I asked him how old he was when he started getting in trouble, and he told me that he started hanging out with the drug dealers and bullies in his neighborhood when he was about fourteen. “Before that, I was a good kid. I never made trouble.” So I imagined this fourteen-year-old boy who had always been well behaved, and I wondered what led him to get involved with that crowd. I said, “Can you picture yourself as a fourteen-year-old boy? Right around the time you started hanging around those people?” He closed his eyes and nodded again. I asked him what he would say to that boy if he could. “You think this is fun and you wanna be a big man. That’s good. You have dreams. But you don’t see where this is gonna take you. You’re trying to be big, but you’re gonna get locked up in a cage for your whole life! I know! Don’t do it. You gotta see where this is taking you. It’s not where you think. Look at my life! [He’s crying now.] You need someone who can show you how to be big like you want. These people aren’t your friends and they’re all gonna end up dead or worse. You need a real grown-up who knows about life!” When he finished, we spent a couple of minutes in silence. Eventually he said, “That feels good, man, but it’s too late. It didn’t happen.” I was struck by how passionate and persuasive he’d been. It was really powerful. I asked him, “How many fourteen-year-olds are there in your neighborhood who are about to make the same mistakes you did?” He understood immediately, and his expression transformed from pained exasperation to one of focus and purpose. He said, “That’s it. I know something they don’t know. They don’t wanna hurt anyone. They’re just dumb kids. They wanna feel big, but they don’t know how. That’s it.” He was quiet for a minute and then continued, “I couldn’t hear what my pain was telling me, man, and it was gonna kill me. It was trying to tell me that I have something important to do, but I couldn’t see it. Now I know.”

Desmond, Tim. How to Stay Human in a F*cked-Up World (p. 54). HarperOne. Kindle Edition.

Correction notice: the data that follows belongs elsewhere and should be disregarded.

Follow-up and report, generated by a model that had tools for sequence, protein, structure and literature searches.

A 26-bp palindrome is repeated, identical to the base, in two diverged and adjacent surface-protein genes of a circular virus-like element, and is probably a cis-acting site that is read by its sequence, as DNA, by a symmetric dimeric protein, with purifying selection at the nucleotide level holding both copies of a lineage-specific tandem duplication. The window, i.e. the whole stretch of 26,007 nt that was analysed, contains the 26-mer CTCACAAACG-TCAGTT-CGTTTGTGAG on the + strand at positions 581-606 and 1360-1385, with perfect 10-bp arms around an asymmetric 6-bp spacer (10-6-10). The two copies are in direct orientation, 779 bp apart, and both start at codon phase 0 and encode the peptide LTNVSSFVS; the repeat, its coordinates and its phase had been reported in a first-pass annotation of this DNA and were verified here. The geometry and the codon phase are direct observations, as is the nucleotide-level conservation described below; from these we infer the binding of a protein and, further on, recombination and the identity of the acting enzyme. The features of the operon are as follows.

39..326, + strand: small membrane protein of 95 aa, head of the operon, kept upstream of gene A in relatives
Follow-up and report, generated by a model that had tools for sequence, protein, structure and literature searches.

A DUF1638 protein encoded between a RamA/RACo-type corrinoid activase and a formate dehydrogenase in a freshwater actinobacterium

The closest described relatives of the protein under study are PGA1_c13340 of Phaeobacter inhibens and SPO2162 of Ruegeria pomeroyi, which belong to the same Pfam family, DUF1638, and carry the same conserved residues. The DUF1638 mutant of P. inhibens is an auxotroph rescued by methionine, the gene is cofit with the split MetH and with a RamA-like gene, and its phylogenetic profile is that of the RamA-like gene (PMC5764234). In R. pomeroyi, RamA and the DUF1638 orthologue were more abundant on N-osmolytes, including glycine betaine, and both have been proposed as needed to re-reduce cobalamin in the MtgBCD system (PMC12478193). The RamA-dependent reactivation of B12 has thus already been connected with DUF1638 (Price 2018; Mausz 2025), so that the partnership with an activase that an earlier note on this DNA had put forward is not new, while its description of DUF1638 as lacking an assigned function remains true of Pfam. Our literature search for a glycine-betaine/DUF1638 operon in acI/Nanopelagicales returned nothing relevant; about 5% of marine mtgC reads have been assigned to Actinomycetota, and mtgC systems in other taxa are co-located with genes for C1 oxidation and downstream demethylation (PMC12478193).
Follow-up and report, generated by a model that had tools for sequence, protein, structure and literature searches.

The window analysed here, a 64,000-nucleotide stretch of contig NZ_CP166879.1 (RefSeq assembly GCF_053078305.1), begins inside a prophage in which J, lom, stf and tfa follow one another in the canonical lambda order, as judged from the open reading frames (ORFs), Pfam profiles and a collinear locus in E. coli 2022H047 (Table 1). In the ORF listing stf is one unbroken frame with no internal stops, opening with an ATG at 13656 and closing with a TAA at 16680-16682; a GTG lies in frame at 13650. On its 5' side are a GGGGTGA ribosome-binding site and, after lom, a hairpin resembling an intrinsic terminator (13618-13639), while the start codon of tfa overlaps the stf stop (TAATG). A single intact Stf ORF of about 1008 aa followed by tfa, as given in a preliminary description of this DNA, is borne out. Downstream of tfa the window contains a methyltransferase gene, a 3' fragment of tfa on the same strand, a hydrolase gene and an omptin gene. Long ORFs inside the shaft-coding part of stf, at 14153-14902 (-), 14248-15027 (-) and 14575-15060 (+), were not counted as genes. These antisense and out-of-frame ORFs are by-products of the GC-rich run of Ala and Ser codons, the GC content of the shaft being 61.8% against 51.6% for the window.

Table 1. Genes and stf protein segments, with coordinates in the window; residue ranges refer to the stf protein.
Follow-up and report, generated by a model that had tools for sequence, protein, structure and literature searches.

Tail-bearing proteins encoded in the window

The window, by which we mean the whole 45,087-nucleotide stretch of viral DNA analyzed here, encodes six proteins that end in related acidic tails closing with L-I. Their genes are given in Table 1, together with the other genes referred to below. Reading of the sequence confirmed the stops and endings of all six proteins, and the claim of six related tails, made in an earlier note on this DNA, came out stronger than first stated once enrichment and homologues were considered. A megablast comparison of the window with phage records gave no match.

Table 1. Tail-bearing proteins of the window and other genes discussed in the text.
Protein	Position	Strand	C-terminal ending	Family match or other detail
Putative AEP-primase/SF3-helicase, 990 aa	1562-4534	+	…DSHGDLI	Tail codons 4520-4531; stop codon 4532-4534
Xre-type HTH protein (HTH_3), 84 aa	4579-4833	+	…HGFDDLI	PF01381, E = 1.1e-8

One day, Thich Nhat Hanh was meditating in the jungle in Vietnam and he saw a young banana tree with just three leaves. The first leaf was fully grown, broad and flat and dark green. The second leaf was still partially curled beneath the first, and the third leaf was very light green and tender, just beginning to unfurl. This was during the middle of the Vietnam War, and he was leading a huge organization of young people who’d help rebuild villages that’d been destroyed by bombs and napalm. He’d spent nearly every day with villagers whose lives had been ravaged by war, and he’d witnessed the deaths of several of his closest friends. The central question in his life at that moment was how to reconcile the intensity of his calling to help suffering people with his mindfulness practice. He knew that he needed his mindfulness practice to keep from being overwhelmed with despair, but how could he justify cultivating peace and joy in himself while so many other people were dying? He was holding this question in mind and looking at the young banana tree when he had a deep insight. It occurred to him that the eldest banana leaf was fully enjoying her life as a leaf. She was absorbing the sun and rain, radiating beauty and peacefulness. However, she hadn’t abandoned the other leaves to pursue her own happiness. In fact, as she nourished herself, basking in the sunshine, she was also nourishing the younger leaves, the banana tree, and the entire jungle. He decided that human beings are just like this. As we nourish ourselves with peacefulness and joy, we’re also supporting the well-being of every other person in our lives.

Desmond, Tim. How to Stay Human in a F*cked-Up World (p. 9). HarperOne. Kindle Edition.